Absurdly Driven looks at the world of business with a skeptical eye and a firmly rooted tongue in cheek.

How did it start?

Was it some sort of an attempt at progress after too many How Are Yous?

Or was it merely something written to a friend who was genuinely sick and then it became ingrained like an odd literary tic.

I was chatting to an unusually sober PR man the other day and he was bemoaning that so many emails he gets begin with: "Hi, I hope you're well."

He's a slight hypochondriac. He drinks a lot of sweet wine to compensate.

So inquiring about his health in this way is having a deleterious effect on his health. (Especially the mental side.)

I thought, therefore, that I'd make a few suggestions on how to replace "Hi, I hope you're well" with other phrases.

I recommend you use all these and vary them.

Phrases go stale as quickly as nectarines in high summer. You need to arm yourself with several templates.

1. Hi, I Hope I've Spelled Your Name Right.

Yes, this might seem to come from out of a field beyond left. But why not at least offer a modicum of modesty and even self-doubt before you attempt to get what you want? After all, business emails are often about wanting something from somebody. I confess that I'm especially partial to this opening as, well, just look at my name.

2. Hi, Where Do You Stand On Existential Philosophy?

Again, not entirely conventional, I know. But I suspect writing any cogent and intelligent sentence might draw attention that this is not your usual dull email. By all means choose your own variant. However, I'm sure one or two people would be impressed by you asking a question important to us all, rather than a peculiarly intrusive question about one person's health.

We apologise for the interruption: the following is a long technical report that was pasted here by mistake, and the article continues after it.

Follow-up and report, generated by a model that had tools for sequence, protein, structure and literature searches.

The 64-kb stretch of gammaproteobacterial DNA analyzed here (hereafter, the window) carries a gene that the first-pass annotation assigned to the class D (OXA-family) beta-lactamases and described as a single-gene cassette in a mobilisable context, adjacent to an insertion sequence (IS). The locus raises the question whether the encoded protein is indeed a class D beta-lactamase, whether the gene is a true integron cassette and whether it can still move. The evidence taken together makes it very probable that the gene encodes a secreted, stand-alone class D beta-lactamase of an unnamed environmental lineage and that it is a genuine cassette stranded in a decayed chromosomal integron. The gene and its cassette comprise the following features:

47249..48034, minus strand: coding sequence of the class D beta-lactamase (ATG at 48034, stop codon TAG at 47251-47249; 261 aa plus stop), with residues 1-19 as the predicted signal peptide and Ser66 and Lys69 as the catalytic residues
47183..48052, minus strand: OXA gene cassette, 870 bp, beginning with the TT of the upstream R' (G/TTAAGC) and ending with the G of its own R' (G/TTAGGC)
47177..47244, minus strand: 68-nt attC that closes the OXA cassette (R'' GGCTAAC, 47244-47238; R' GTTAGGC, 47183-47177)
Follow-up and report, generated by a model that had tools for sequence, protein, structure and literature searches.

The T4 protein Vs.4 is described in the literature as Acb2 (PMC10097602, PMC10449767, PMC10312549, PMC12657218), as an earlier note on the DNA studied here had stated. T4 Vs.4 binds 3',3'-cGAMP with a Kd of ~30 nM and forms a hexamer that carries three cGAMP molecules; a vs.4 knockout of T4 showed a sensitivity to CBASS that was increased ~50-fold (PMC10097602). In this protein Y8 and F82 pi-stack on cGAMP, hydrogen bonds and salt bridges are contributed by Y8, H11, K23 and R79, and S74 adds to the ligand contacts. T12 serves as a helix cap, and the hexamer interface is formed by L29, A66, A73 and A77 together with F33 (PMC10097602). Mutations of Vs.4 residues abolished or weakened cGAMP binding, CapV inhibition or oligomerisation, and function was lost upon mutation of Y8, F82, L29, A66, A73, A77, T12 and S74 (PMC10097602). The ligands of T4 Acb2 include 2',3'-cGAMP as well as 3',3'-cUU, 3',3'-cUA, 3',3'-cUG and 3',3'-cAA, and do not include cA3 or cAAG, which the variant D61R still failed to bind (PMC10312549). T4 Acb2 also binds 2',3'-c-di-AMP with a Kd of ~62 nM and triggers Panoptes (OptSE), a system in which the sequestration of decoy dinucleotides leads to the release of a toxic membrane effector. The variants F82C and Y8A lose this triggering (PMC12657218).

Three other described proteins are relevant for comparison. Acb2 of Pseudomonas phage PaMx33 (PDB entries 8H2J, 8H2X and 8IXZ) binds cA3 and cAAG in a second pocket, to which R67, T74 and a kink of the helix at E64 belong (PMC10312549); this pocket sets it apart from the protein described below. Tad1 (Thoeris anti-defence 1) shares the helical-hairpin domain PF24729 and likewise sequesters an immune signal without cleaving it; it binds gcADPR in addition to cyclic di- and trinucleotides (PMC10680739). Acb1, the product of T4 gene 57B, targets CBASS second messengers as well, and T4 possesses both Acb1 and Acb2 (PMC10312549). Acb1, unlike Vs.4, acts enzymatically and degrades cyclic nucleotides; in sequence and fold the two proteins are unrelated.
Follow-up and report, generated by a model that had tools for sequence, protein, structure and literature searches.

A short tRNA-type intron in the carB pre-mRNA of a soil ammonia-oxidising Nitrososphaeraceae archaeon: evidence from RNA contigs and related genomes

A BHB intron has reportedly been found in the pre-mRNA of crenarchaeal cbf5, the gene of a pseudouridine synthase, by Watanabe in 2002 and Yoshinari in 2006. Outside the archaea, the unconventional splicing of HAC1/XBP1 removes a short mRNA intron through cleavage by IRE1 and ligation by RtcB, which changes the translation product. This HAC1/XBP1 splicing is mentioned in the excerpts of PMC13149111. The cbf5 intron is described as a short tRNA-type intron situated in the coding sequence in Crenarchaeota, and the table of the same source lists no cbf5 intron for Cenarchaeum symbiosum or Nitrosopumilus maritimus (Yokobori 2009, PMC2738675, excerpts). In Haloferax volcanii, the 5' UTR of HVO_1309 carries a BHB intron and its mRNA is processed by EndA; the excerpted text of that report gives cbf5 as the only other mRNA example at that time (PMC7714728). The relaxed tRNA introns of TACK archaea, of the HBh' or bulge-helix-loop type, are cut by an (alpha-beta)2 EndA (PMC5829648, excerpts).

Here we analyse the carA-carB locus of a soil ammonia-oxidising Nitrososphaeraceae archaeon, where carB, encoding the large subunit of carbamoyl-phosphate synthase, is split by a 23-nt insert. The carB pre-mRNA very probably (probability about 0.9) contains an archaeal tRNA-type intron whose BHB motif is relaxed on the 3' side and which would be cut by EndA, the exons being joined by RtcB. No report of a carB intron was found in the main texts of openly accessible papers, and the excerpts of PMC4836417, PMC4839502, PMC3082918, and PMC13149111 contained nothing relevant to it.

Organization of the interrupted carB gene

3. Hi.

This is frightfully radical, but do you need anything after your obligatory 'Hi"? It would save a sentence of typing. Those seconds would accumulate over the days and weeks until you've saved perhaps as much as 15 minutes. That's the same amount of time per week that many people spend on sex because they're so busy. Think about that.

4. Hi, I'm Not One Of Those People Who Say I Hope You're Well, Are You?

This would have the virtue of feeling fresh, personal and creating a certain bond between you and the person you're emailing. You can immediately have them on your side and they'll be a touch more open to what you have to say. Unless they're plain dull, of course.

5. Hi, I Wonder Who The First Person To Say Hi Was.

This makes you sound thoughtful and not one to routinely spout conventional blurb. Isn't that how you'd prefer to sound? And isn't something that few, if any, would have an answer to a marvelous way of creating a bond between you and your email's receiver? Imagine if all the first lines of your subsequent emails were developments from this first question. The first lines would then hold a narrative all of their own.

6. Hi, If You're Miserable Are You Ever Tempted To Start With Low Instead, Just So People Get Your Mood Right Away?

The thing about "Hi" is it's so ineffably happy. The first word I learned when I moved to the US was spelled H-i, but it was pronounced "Hiyeeeeeee." I found this a touch much. But opening the possibility of an alternative to Hi itself might be a huge liberation for all concerned. After all, everyone says they're creative on LinkedIn and then they go and begin every email exactly the same way with an inquiry about whether the other person is feeling their mortality today.

7. Hi, Don't You Just Hate Emails?

This has a very effective ring about it. Everyone is swamped with emails. Opening your inbox these days fills your heart with dread and your eyes with a manic alertness for certain keywords. Like urgent, help and CFO. Appreciate and share the burden of emails. That way, at least you might create a small smile before the business at hand is addressed.